The Paddington Arm Canal
Grand Union Canal
TfL Fare Zones 1 to 5
The Paddington Arm of the Grand Union Canal runs from Little Venice, Paddington to Bull’s Bridge Junction at Hayes, Hillingdon, Middlesex.
Travelling the Canal
With a length of approximately 13½ miles (22 km) the canal passes through a mainly urban industrial landscape with some rural idylls. It is a level canal with no locks but crosses a major motor route on an aqueduct.
The canal was authorised in 1795 and built in 1801 to avoid using the tidal Thames. When the Regent’s Canal was built the Thames was accessed through the massive Regent’s Canal ship dock (now called Limehouse Dock). There are many interesting things to see along the Paddington Arm for both walkers and ‘boatees’.
Starting at Little Venice, behind Paddington Mainline Railway Station is a set of elegant locks and a quaint white toll keeper’s house. This was built to gauge the narrow boats for tolls.
The canal passes under the busy A40 Westway road past high-rise blocks of flats and offices. The railway lines leaving Paddington run beside the canal and Great Western trains thunder past. The flats give way to rather nice terraces of Victorian houses in the Harrow Road with their gardens stretching down to the canal.
Kensall Green Cemetery
Just beyond Harrow Road, at Old Oak Common, the canal passes the Victorian Kensall Green Cemetery. This cemetery is the last resting place of a number of famous Victorians – Isambard Kingdom Brunel, Anthony Trollope and William Makepeace Thackeray. It is worth making a detour to wander through this well ordered cemetery with its avenues of trees and huge monuments. Beside the canal bank can be seen the landing piers where the barges offloaded the coffins.
Wormwood Scrubs Prison
Kensall Town came into existence in 1840 when the railway arrived. Back on the canal, the towers of Wormwood Scrubs prison can be glimpsed across the railway sidings. However, in the last 50 years the area has been carefully redeveloped and the towpath is bordered by willow trees and in summer wildflowers abound giving the industrial landscape a rural feel.
Along this stretch was the giant Heinz food factory, demolished in 2002. The raw ingredients for ‘Baked Beans’ would arrive from the docks by canal barge and unload straight into the factory.
North Circular Bypass
Suddenly the canal splits into two channels and is carried over the busy North Circular bypass on an aqueduct. The old aqueduct built in 1933 had a bronze Middlesex Coat of Arms on it. This Coat of Arms now stands on the ‘island’ between the two water channels.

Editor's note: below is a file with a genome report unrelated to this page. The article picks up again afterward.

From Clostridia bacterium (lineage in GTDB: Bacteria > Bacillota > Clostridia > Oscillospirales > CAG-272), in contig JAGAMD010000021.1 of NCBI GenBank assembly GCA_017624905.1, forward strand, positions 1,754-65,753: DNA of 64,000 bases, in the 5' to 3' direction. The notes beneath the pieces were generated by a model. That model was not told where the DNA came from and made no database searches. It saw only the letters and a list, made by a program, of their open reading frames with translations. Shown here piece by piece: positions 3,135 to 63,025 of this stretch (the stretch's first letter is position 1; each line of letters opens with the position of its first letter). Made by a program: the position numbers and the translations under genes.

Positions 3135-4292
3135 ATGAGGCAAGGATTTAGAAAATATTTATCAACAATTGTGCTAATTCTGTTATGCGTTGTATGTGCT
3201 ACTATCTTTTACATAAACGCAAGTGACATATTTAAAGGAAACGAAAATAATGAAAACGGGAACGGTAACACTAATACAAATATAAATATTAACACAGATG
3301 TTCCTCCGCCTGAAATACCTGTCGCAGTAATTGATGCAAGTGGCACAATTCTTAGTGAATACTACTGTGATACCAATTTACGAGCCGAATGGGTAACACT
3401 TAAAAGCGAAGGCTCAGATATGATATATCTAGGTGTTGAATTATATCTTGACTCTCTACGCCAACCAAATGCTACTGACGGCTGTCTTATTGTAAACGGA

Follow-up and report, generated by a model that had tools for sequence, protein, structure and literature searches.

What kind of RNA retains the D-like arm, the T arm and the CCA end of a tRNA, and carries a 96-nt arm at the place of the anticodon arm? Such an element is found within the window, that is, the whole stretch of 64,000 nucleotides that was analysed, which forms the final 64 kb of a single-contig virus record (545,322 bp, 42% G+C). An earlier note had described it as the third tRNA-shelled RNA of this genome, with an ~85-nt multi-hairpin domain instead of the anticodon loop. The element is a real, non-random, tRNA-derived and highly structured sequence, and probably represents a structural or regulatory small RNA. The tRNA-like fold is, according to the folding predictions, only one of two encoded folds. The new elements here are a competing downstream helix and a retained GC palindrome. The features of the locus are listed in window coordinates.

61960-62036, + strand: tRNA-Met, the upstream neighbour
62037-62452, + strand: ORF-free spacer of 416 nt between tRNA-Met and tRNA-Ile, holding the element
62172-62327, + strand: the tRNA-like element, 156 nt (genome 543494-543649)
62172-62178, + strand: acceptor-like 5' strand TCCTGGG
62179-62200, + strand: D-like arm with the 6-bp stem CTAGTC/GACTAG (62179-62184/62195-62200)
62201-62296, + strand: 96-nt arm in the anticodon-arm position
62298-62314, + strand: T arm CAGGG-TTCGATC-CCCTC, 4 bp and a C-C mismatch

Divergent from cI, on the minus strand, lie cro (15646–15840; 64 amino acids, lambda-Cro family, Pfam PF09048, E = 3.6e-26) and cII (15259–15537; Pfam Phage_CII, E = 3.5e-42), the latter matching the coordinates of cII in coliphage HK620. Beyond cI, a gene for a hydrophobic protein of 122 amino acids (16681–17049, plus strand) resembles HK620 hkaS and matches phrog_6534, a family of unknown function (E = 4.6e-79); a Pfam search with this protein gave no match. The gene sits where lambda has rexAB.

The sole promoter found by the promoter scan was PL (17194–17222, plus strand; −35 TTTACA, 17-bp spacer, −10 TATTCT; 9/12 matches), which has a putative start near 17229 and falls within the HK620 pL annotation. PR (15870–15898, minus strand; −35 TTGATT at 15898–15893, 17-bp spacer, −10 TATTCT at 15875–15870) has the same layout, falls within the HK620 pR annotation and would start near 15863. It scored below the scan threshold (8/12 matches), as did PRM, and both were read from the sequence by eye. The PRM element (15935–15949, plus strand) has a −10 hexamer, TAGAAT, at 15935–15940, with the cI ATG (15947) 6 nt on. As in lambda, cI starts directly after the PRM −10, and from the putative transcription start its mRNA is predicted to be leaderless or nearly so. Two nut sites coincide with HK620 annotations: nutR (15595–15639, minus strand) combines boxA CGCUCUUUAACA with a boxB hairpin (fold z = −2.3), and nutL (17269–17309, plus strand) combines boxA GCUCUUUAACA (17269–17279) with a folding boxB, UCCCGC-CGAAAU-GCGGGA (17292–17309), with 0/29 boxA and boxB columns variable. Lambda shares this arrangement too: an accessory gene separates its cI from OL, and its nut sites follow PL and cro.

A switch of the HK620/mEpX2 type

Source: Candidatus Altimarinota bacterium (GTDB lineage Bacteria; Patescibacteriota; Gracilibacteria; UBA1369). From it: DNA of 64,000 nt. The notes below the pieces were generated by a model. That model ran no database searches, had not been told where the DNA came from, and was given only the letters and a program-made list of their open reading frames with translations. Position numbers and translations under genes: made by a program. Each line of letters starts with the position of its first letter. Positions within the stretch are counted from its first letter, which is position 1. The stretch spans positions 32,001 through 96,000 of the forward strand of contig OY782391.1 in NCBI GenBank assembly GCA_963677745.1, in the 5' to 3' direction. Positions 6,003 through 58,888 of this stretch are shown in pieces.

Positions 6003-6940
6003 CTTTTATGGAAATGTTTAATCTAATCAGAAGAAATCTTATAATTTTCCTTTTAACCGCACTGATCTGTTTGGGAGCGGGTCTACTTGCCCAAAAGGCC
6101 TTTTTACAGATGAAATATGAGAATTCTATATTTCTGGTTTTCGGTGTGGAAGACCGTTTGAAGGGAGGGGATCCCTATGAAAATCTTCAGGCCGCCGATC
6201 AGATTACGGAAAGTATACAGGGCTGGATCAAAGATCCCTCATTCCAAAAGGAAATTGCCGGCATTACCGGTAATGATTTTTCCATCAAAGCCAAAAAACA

Once over the aqueduct, the roar of the traffic is left behind and the canal continues on to Alperton and Ealing. Ducks, swans, moorhens, coots, terrapins and even herons inhabit the canal here and anglers find good fishing. We seem to be right out in the countryside but are in fact skirting the green fairways of Greenford Golf Course on our way to Horsenden Hill and Perivale Wood.
Horsenden Visitor Centre
The Horsenden Visitor Centre, Perivale is right beside the canal and a good spot to pull in.
The Black Horse Pub
Another pleasant spot to call in and seek refreshment is The Black Horse Pub at Greenford. There is nothing nicer on a fine day than sitting in the pub’s garden overlooking the canal.
The Marina has easy access and security in an attractive location. It offers moorings, opportunities for wildlife photography, filming, walking and narrowboat hire.
Southall - Little India
The urban sprawl of Greater London has stretched out to include Ealing and Southall, but the canal’s route provides much needed green space at the bottom of many people’s gardens. Southall is sometimes called ‘Little India’ and is a fascinating suburb to wander around. The shops sell Indian food, produce, saris, etc., displaying their goods on the pavement. The cinemas show Bollywood films and the cafes serve real Indian food. Join the locals at long tables and enjoy with them the TV in the corner playing Indian entertainment day and night!
The Paddington Branch is now nearing its junction with the Main Arm of the Grand Union Canal at Bull’s Bridge near Slough. The terminus is marked by a delightful old brick bridge painted white. As you approach there is no hint that on the other side is an enormous shopping centre – suburbia again!
Hiring a Narrowboat
Willowtree Marina proudly hosts a fleet of superb, high-spec narrowboats available for self-drive hire presented by Black Prince Holidays, the recognised market leader for canal hire boats in the country. Any of these boats would make an excellent base from which to explore London and the surrounding countryside.
Further details available on Web: Willowtree Marina
Getting to Willowtree Marina
Details of nearest public transport, etc. available at Web: Directions to Willowtree Marina
Google Maps - Paddington Arm Canal